Finally, there is the ambient occlusion generation which is both exported as a map and baked into the diffuse map. In SD there is a node to generate AO, you need to feed it a Heightmap which is created from a normal map. That is basically the flow in the graph. When creating textures be sure to always create an AO pass for your diffuse information since the normal map will do the job when the surface is being hit by a light source and the AO will help to still read the details when only affected by diffuse lighting.

To sum up texturing consider that your Diffuse, Specular, and AO have to be loaded into your Corona Renderer / V-Ray material in SRGB mode and all the rest in Linear grayscale. This is very important, otherwise, your textures won’t look as in SD/Painter.

Post Production

We like to do the post on After Effects because of 3 main reasons. We try to do our best and most of the work in 3d so there is not much to do in post besides color grading, it is really easy to iterate in the post with AE and you always work in a nondestructive way. You can do really cool stuff with the awesome plugins available.

35_Garden-Loft_RAWPOST

36_Garden Loft_Pass composite

Here is the RAW plus the composition of all the passes. In this case, direct, indirect, translucency and reflect and you can see there the transfer modes mainly to give more contrast.

37_Garden Loft_Looks

38_Garden Loft_look settings

Here is the final touch with Magic Bullet Suite. We use it for color grading as well as other subtle effects like diffusion and film prints.

That is all.

I hope this will help someone in someway. I encourage you try Substance, it is a really awesome software and with all the hype there is around real time arch viz the use of real time engines like UE4, texturing is a really important matter to take into consideration since you will need to deal with two different shading models. Having a texturing solution which can be neutral to both ends is a really nice way of working and keeping things simple.

Thanks for reading and thanks Ronen for giving us the opportunity to show our work here.

TIME MACHINE

  • Nguyên Long

    Great Tutorial,Hello Ronen Bekerman – 3D Architectural Visualization Blog,i’m a new member of your forum,sorry but i can’t find the “post new thread” button,can you show me that,sorry for this bother 🙂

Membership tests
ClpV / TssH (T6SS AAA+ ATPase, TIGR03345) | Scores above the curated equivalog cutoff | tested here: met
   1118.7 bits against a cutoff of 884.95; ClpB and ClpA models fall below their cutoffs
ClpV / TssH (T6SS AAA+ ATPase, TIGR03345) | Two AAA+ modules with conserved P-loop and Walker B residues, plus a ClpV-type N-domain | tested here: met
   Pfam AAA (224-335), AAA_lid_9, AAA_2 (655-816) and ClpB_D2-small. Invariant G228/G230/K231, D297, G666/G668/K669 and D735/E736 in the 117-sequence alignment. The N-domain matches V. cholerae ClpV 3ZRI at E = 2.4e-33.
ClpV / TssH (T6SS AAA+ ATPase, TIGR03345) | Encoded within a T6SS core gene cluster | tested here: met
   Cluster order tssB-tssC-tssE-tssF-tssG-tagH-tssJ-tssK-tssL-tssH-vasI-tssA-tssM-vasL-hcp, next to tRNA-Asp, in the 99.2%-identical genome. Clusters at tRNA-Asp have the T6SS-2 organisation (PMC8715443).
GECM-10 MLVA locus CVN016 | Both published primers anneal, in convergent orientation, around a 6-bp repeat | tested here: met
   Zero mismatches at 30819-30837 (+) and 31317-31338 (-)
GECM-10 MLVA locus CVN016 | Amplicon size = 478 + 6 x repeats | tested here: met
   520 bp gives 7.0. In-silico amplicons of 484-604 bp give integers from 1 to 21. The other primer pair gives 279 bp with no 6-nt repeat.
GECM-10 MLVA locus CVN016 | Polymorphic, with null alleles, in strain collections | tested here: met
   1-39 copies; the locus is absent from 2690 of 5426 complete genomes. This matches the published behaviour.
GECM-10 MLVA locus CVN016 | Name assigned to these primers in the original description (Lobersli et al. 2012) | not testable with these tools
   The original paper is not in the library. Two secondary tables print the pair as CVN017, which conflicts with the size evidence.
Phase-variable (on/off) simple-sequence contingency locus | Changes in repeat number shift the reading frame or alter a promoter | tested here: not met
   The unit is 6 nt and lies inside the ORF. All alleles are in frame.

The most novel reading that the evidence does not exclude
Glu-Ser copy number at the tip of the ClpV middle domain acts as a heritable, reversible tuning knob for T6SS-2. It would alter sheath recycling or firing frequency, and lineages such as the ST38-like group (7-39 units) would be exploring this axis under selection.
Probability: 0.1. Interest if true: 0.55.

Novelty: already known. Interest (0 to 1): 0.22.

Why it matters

• .Pixel

    Amazing job!!!!

  • Claudio Ragnar

    Hi guys!!! I think it’s a very great tutorial: the workflow it’s very quick and you can achieve a real great result!!

    but i have a question: if i don’t have 3ds max 2017, but I’m using 3ds max 2015 and i don’t have multi tile in my uv unwrap, what is the workflow about uv ??

    I have to unwrap every single piece, then attach them together and then what??

    thanks a lot

  • Gaston Suarez Pastor

    Claudio Ragnar Hi, thanks Claudio. It is not mandatory to multitile unwrap your geometry, it is just another way to do it. You can still perfectly work with max 2015. The workflow with UDIM is easier since you can select in painter at import time the UDIM format checkbox and painter will create a texture set for each tile you have in your mesh. With max 2015, imagine you have 4 different geometries that you want to export to painter, simply unwrap them in the traditional way without attaching the geometry. Then add a unique material to each piece of geometry and then select everything and export as FBX.
    When you import your file in painter it will create a different texture set for every single material in the fbx file. Since each one of your meshes will have a unique material you will be able to paint your meshes individualy.

    In this video (https://www.youtube.com/watch?v=vrVvu9q6dXg&list=PLB0wXHrWAmCyvb0TsSFb3UunisJHcGcuq&index=2) at arround minute 5:30 you will be able to see the workflow more clear about how meshes are set up for export. It is done with Maya but the concept is exactly the same in max.
    Hope this is clear enough

  • Claudio Ragnar

    Gaston Suarez Pastor Claudio Ragnar thx a lot for answering to me!!! I finally understand it!!

    me encantaria quedar en contacto contigo para aprender  todo lo que puedo. He visto tus trabajos y son espectaculares y he visto que usas tambien UE4…intento aprenderlo yo tambien!

    espero verte pronto en esta pagina web!!!

    thx a lot [email protected] to take care of this blog…I learn a lot from this tutorial

  • Lantrancy

    substance designer mainly works as a material creator for painter. designer can be used for procedural textures creation to texture model roughly while painter can use sbsar created in designer as material to precisely paint your unwrapped model. they both were used in game production pipeline for many years

  • Gaston Suarez Pastor